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2016

How to start flipping your course: part 3

 

Originally posted by Rebecca Celik, Ph.D.

 

What’s the most important part of an experiment? Results. Flipping a course should be treated like any other scientific investigation, and the best way to measure its effectiveness is by analyzing student outcomes. In the final installment of this series, Dr. Amanda Brindley, University of California, Irvine, shares her results and how her flipped general chemistry course altered the engagement and success of her students.

Flipped classrooms engage students in active learning

 

Most students are used to vegging out in lecture, especially in a huge lecture hall. A flipped classroom really forces them out of their comfort zones. On in-class assignments, they all work together with at least one other person. . . but that has been problematic. The first time I taught this way, I had a lot of difficulty getting them to consistently collaborate with classmates, and one of the main complaints on the midterm evaluations was that “the people next to me won’t talk to me.”

 

But now I make a big deal of the fact that if your neighbor refuses to work with you it’s your responsibility to move and find new classmates to sit with. Discussing the concepts with peers is a big part of the learning process. I’m fine with a little bit of chaos and moving around to make sure that happens. What I end up with are a group of individuals in the back left corner of the room who refuse to interact; you are never going to eliminate that completely in a 400 person class. I do spend extra time up there trying to engage them, but they only stay on task if I am in the general vicinity.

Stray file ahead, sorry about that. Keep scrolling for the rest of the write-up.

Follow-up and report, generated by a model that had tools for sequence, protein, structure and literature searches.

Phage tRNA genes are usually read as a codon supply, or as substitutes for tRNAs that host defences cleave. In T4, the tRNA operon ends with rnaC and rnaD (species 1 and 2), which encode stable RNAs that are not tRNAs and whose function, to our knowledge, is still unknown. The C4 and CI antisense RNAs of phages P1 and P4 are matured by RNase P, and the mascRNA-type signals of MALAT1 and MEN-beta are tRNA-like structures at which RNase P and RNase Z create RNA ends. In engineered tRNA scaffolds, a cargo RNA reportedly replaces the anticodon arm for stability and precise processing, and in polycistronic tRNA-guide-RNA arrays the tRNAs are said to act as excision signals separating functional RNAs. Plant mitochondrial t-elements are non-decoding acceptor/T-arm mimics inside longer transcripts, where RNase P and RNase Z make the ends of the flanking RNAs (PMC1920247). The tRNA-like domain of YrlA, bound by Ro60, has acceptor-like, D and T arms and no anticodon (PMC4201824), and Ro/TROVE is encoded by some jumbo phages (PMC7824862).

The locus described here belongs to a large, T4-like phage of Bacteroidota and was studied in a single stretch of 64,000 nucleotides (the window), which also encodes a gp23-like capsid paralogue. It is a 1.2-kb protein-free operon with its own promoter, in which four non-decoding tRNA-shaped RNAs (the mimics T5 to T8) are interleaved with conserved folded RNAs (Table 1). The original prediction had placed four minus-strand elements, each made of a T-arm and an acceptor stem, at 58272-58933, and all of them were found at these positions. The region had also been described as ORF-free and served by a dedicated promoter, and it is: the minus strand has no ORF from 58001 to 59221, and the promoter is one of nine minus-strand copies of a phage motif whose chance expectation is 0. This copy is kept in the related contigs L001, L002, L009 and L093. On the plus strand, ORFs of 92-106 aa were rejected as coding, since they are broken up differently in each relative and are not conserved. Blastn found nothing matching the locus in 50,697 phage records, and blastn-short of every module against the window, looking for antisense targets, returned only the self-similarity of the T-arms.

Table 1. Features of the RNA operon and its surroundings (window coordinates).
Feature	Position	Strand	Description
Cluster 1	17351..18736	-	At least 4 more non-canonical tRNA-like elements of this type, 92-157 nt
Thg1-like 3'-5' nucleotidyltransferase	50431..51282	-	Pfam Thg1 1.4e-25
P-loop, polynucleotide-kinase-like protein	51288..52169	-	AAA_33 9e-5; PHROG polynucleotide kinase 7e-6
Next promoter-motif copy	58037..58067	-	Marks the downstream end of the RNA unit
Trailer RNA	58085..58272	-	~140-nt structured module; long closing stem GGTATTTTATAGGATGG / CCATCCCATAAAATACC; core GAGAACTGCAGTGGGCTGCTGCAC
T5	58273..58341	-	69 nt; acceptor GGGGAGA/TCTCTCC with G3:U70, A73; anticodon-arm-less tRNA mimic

The rest of the class does commit to working together. And that’s much better for me, too, because when questions arise, there will be five people in a group who have the same problem. I’m not trying to get around to 400 individuals. I can more quickly identify topics that everyone is stuck on by talking to a handful of groups; and then I can stop and address the entire class to help clarify and move things along. So, everyone gets a lot more accomplished.

 

Assessing for accountability

 

One of the biggest problems I have with the flipped classroom is accountability, in part because of the very large size of the lectures I teach. I’m currently trying to deal with that issue by using pop i>clicker quizzes, but there are a few things I dislike about that approach. First, clicker quizzes take up valuable class time. Also, I have caught some students sharing clickers or taking clicker quizzes for other people. I’m sure there are others doing the same thing.

 

What I’d like to do in the future is make a low-difficulty Sapling Learning assignment to go with each video lecture that students would do on their own outside of class after watching. The feedback the system offers and the opportunity to take as much time as needed to think about quiz questions and even go back to re-watch parts of the videos would even the playing field for the students and allow me make the quizzes worth enough to encourage more students to do the assigned pre-lecture preparation.

 

What did the teaching evaluations say?